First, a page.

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given, it is not easy at first glance to distinguish the insect which is perched upon the twig

How successful these resemblances sometimes ray be in protecting the insect from its enemies, is well shown by an observation made by Mr. Belt, a capital English naturalist. On one occasion he saw a multitude of insect-eating ants run about and over the body of a large, leaf-like locust. As the latter remained perfectly still, the ants did not recognize it as being an insect at all, and so left it unharmed.1 A curious insect, a phasma, which Mr. Wallace found in Borneo,2 was so covered with olivegreen growths, that the native who showed it to him was sure that the insect really was covered with live moss.

It may be added that this insect greatly needs some such protection as that afforded by this curious resemblance; since it is very sluggish in its habits, and is greatly relished by insect-eating birds. In the wellknown cases of chameleons and tree-frogs, which change their color apparently at will, it is possible that two ends are subserved, — the protection of the animal from its enemies, and the facilitation of its unobserved approach to the

i Wallace's Tropical Nature, p. 93.

2 Ibid., pp. 92, 93,

[graphic]

Fig. 7. – Leaf-Butterfly, in flight and in repose.

flies and other insects upon which it feeds. Somewhat similar to these cases is that of a mantis, or praying-insect of Java, which is pink, and closely resembles a certain flower, an orchis, found in the same region. The advantage of this resemblance to the mantis will appear plain when it is stated that it lives upon butterflies, and that the whole group of plants to which the orchis belongs attracts butterflies and moths.1

Quite as curious as the cases of what have been called protective resemblances, such as those of the white hare, fishes, insects, and other animals, or as the sort of decoy resemblances, as they may be named, like that of the mantis, are the instances of what are known as warning-colors. Many South-American butterflies, belonging to two divisions, the Heliconidæ and the Danaida, are remarkable for the brilliancy of their coloring and for their slowness of flight. From these characteristics they form, as may be imagined, very conspicuous objects; and their numbers are not less remarkable than is their showiness. The secret of their numbers is plain, however, to the naturalist who captures one of these resplendent fellows; for all the species have a

! Wallace's Tropical Nature, p. 173.

most disgusting odor, which clings for a long time to any object that has touched one of them. It has been ascertained, that, probably for this reason, the insect-eating birds and lizards of the region where these butterflies are found refuse to have any thing to do with them. It is therefore an advantage to these uneatable species to be so differently colored from others, and so slow of flight as they are, since it thus becomes easy for the birds and lizards to recognize and avoid them. Another instance of the same kind occurs in the case of some of the Central-American tree-frogs, whose gorgeous coloring for a good while perplexed Mr. Belt. Some of these frogs had a brilliant red body and blue legs, while others were entirely of a bright blue color. But the mystery was solved, when the naturalist one day tossed one of these gaudy little frogs to a young and inexperienced duck, which at first picked it up, but instantly dropped it, apparently as much disgusted with the taste as it would have been pleased with that of an ordinary frog. Still another instance, perhaps, of the same sort of thing, is to be found, as Mr. Wallace reminds us, in the brilliant coloration of the uneatable sea-slugs and sea-anemones.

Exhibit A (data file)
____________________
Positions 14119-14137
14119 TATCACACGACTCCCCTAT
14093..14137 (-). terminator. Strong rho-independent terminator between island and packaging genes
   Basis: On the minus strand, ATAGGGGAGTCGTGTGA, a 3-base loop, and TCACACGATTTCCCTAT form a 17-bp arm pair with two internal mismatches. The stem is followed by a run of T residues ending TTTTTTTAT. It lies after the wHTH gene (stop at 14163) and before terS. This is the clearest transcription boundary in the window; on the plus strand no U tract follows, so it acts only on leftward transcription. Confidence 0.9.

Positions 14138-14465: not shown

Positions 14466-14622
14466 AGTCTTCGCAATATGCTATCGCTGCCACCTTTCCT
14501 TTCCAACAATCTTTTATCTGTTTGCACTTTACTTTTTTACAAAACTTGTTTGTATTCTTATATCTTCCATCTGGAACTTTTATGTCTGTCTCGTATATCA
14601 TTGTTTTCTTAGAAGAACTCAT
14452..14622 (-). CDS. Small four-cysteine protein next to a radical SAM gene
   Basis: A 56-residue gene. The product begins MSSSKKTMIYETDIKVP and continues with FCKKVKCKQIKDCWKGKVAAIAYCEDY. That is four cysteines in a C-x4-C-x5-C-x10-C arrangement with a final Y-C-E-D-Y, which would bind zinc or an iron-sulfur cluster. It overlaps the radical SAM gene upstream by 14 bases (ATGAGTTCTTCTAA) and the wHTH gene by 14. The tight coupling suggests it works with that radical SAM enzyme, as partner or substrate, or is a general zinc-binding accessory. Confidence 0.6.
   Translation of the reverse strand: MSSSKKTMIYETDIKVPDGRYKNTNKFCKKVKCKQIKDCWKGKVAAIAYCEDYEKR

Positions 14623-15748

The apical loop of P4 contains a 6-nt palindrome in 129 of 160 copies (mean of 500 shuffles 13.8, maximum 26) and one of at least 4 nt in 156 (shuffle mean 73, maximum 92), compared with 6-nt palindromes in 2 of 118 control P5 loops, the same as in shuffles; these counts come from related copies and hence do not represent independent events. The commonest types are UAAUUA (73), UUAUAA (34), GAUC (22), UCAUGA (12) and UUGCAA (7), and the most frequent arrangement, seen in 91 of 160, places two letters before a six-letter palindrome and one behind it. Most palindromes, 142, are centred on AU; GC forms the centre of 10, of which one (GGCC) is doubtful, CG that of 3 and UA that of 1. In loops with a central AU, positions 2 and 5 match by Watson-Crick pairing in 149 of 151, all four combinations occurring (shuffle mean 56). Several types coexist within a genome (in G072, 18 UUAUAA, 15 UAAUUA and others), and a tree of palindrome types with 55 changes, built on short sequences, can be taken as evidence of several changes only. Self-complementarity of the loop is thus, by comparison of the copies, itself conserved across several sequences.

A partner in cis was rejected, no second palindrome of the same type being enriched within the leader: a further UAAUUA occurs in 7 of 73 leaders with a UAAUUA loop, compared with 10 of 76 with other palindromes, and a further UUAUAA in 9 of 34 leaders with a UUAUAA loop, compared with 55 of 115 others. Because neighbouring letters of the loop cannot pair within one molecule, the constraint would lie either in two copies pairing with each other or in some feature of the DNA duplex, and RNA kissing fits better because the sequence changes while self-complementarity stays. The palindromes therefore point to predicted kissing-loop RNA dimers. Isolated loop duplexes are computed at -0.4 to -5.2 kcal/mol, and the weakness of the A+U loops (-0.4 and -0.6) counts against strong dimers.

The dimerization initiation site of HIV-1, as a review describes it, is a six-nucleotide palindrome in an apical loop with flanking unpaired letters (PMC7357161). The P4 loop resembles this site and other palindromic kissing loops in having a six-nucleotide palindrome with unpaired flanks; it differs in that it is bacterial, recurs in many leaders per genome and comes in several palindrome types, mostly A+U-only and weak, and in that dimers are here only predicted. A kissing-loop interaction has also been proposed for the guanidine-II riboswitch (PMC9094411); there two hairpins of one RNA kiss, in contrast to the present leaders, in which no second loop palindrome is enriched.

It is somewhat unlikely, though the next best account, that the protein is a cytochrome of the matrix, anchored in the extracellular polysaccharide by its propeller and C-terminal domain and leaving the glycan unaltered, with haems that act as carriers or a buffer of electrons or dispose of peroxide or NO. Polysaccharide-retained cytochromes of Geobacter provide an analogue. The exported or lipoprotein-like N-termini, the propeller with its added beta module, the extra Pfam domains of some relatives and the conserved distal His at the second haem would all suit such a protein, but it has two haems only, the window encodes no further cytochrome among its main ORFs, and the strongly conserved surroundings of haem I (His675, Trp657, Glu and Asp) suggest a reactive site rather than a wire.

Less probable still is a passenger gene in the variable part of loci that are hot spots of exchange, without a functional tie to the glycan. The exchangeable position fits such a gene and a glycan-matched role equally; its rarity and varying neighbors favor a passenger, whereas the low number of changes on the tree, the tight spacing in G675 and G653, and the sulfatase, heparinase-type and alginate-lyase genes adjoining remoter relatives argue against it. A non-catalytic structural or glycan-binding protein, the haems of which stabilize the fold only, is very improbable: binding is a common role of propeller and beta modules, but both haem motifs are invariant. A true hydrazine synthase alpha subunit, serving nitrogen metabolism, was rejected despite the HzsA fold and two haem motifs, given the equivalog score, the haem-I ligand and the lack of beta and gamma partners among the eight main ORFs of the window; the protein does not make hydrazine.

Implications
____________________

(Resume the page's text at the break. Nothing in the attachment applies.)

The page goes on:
1 Tropical Nature, pp 175, 176.

2 Ibid., p. 189.

But the whole subject of warning-colors needs to be further studied; and it is likely, that, in very many instances, some useful object may be subserved by bright coloring. Not improbably the brilliancy of such insects as the beetle that feeds so abundantly on the leaves of dogbane, and the great rhinoceros-horned dungbeetle, so common in many parts of the country, serves to advertise these insects as uneatable.

Similar in purpose, possibly, to the warningcolors just described, are such striking appendages as the rattle of the rattlesnake, or the expanded neck of the cobra di capello, which may be explained, not as kindly warnings to the passer-by, that he may avoid the snake, and escape its fangs, but rather as a notice given by the snake on its own account, to show that it is a dangerous customer, and is better left alone. The flattened neck and head of the puff-adder, which is perfectly harmless, but looks, when it raises itself to strike, not a little like one of the poisonous snakes, is probably another case of mimicry for the sake of protection. So, too, there are tropical bugs which closely resemble wasps; while among our own insects

many

flies are found which look so much like bees or

1 A very poisonous snake, found in India, which flattens out its neck and bead like a hood, on being disturbed.

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